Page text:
Pulsed electric fields could be used in developing countries to preserve milk
Posted: 20 May 2015 | Victoria White | 1 comment
Pulsed electric fields could provide an energy-efficient way to preserve milk in developing countries, according to a team from Tel Aviv University…
Short pulsed electric fields could provide an energy-efficient alternative to thermal pasteurisation in developing countries. That’s according to a team from Tel Aviv University (TAU) led by Dr Alexander Golberg of TAU’s Porter School of Environmental Studies.
Through a process called electroporation, bacterial cell membranes are selectively damaged. Applying this process intermittently prevents bacteria proliferation in stored milk, potentially increasing its shelf life.
According to the study, pulsed electric fields could provide an alternative, non-thermal pasteurisation process that could hold benefits in developing countries as the technology is three times more energy-efficient than boiling and almost twice as energy efficient as refrigeration.The energy required can come from conventional sources or from solar power.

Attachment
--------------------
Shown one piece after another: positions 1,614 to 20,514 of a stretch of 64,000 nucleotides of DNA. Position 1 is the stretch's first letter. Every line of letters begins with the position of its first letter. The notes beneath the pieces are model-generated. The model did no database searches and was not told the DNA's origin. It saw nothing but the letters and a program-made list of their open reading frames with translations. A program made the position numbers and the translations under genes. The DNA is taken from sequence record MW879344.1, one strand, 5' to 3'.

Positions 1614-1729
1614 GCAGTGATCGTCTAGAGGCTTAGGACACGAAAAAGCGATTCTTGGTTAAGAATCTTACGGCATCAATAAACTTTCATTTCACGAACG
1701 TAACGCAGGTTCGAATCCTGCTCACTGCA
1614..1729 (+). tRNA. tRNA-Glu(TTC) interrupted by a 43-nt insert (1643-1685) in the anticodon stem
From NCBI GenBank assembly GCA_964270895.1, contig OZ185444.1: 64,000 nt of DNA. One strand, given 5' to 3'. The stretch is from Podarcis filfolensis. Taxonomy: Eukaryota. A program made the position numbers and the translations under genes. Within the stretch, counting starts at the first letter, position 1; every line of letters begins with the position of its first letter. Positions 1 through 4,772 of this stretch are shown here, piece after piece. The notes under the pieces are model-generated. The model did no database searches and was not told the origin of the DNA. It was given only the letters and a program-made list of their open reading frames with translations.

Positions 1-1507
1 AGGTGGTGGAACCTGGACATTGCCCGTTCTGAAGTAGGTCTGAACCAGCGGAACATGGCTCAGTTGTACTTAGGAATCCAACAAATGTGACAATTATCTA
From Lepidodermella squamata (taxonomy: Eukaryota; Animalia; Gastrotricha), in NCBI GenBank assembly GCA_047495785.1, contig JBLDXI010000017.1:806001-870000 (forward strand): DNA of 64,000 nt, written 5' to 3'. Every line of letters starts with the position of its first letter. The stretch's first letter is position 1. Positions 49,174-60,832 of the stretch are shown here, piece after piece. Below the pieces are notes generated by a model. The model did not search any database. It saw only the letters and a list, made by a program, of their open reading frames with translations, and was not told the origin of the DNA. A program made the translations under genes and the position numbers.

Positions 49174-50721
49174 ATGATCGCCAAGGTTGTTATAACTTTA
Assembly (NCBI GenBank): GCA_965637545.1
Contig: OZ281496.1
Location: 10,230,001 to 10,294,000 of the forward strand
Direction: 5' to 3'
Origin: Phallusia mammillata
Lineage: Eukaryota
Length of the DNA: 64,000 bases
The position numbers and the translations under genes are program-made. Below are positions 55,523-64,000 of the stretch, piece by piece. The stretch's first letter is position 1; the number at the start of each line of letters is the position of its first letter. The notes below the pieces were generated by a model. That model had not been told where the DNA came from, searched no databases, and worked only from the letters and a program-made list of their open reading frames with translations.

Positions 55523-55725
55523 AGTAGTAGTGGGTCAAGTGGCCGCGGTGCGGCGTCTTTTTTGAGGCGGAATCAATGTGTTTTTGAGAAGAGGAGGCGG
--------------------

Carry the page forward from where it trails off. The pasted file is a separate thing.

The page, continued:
“We are on a constant hunt for new, low-cost, chemical-free technologies for milk preservation, especially for small farmers in low-income countries,” said Dr Golberg. “For 1.5 billion people without adequate access to electricity, refrigeration is simply not a possibility and boiling does not preserve milk’s freshness over time.”
Pulsed electric fields preservation technology can be powered using small, family scale solar panels
In developed countries, bacterial growth in milk is managed with refrigeration. But certain pathogens like listeria monocytogenes are less sensitive to low temperature so can proliferate during transportation and in storage.
“Refrigeration slows the bacteria’s metabolism, but pulsed electric fields kill them,” said Dr Golberg, “They are a fundamentally different approach to controlling microorganisms during storage.
“Our model shows that pulsed electric fields preservation technology does not require a constant electricity supply; it can be powered for only 5.5 hours a day using small, family scale solar panels. I believe that this technology can provide a robust, simple, and energy-efficient milk preservation system that would decrease the amount of wasted milk, thus increasing the income of small farmers in developing countries.”
Dr Golberg is currently exploring partnerships with interested agencies to develop an affordable device to reduce food waste and increase small farmers’ incomes.